Following the surgery, Dr. Camunas and Dr. Madorin informed Plaintiff, who had come to the hospital after the surgery commenced, that Sullivan had died. (Camunas Tr. 40; Zeak Tr. 78). Dr. Camunas explained to Plaintiff that her father died "because of a vessel, pulmonary vein that tore as I was trying to get around that vein...." (Camunas Tr. 40). Dr. Camunas said he was "very sorry." ( Id. at 41). Plaintiff responded to this news by telling Dr. Camunas that her father had not indicated that the surgery was "so risky." ( Id. at 39). She asked Dr. Camunas for more details about her father's medical condition and about the surgical procedure. ( Id. at 41-42). Several hours later, Dr. Camunas provided Plaintiff with a letter setting forth this information. ( See Cargo Decl., Ex. F). Dr. Camunas also provided Plaintiff with information about how to submit a claim with the VA for survivor benefits. ( Id. at 2; Zeak Tr. 85).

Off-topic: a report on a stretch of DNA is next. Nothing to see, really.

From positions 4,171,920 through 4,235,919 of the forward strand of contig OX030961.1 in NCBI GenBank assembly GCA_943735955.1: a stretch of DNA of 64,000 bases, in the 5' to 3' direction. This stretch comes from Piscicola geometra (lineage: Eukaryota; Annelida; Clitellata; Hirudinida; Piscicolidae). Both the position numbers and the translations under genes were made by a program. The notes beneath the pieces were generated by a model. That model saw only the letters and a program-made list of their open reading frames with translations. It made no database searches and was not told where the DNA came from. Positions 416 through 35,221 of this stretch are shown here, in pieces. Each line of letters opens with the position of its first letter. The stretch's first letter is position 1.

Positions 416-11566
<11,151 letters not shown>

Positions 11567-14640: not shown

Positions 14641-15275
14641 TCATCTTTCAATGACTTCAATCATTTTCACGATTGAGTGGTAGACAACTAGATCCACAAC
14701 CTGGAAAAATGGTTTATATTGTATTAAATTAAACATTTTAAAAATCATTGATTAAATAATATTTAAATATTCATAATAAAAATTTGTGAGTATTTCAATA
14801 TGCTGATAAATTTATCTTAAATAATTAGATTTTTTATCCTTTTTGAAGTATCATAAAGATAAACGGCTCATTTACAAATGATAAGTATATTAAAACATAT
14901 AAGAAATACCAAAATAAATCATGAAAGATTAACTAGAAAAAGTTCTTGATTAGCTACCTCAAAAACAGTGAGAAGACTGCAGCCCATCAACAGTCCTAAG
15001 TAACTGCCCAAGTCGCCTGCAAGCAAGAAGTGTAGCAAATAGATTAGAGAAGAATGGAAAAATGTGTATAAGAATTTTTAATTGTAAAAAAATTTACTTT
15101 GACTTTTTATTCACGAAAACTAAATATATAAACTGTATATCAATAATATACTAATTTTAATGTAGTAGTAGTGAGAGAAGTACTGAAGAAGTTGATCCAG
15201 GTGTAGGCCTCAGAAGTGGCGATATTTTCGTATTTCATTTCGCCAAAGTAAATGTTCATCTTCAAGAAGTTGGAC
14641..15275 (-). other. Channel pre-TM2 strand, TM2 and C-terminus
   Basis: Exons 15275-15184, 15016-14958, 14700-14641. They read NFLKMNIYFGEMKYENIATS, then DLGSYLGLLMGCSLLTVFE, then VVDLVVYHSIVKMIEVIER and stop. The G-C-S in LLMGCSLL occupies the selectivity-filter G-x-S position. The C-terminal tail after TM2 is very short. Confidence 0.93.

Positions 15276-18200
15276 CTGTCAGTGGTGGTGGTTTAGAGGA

B. The Instant Litigation

Plaintiff initiated this action on June 22, 2011, alleging medical malpractice, negligent hiring and retention, and failure to obtain informed consent. (Complaint ("Compl.") ¶ 1). Plaintiffs served various entities and individuals, including the Government, in July 2011 (Dkt. #2), and the Government filed an Answer on September 6, 2011 (Dkt. #3).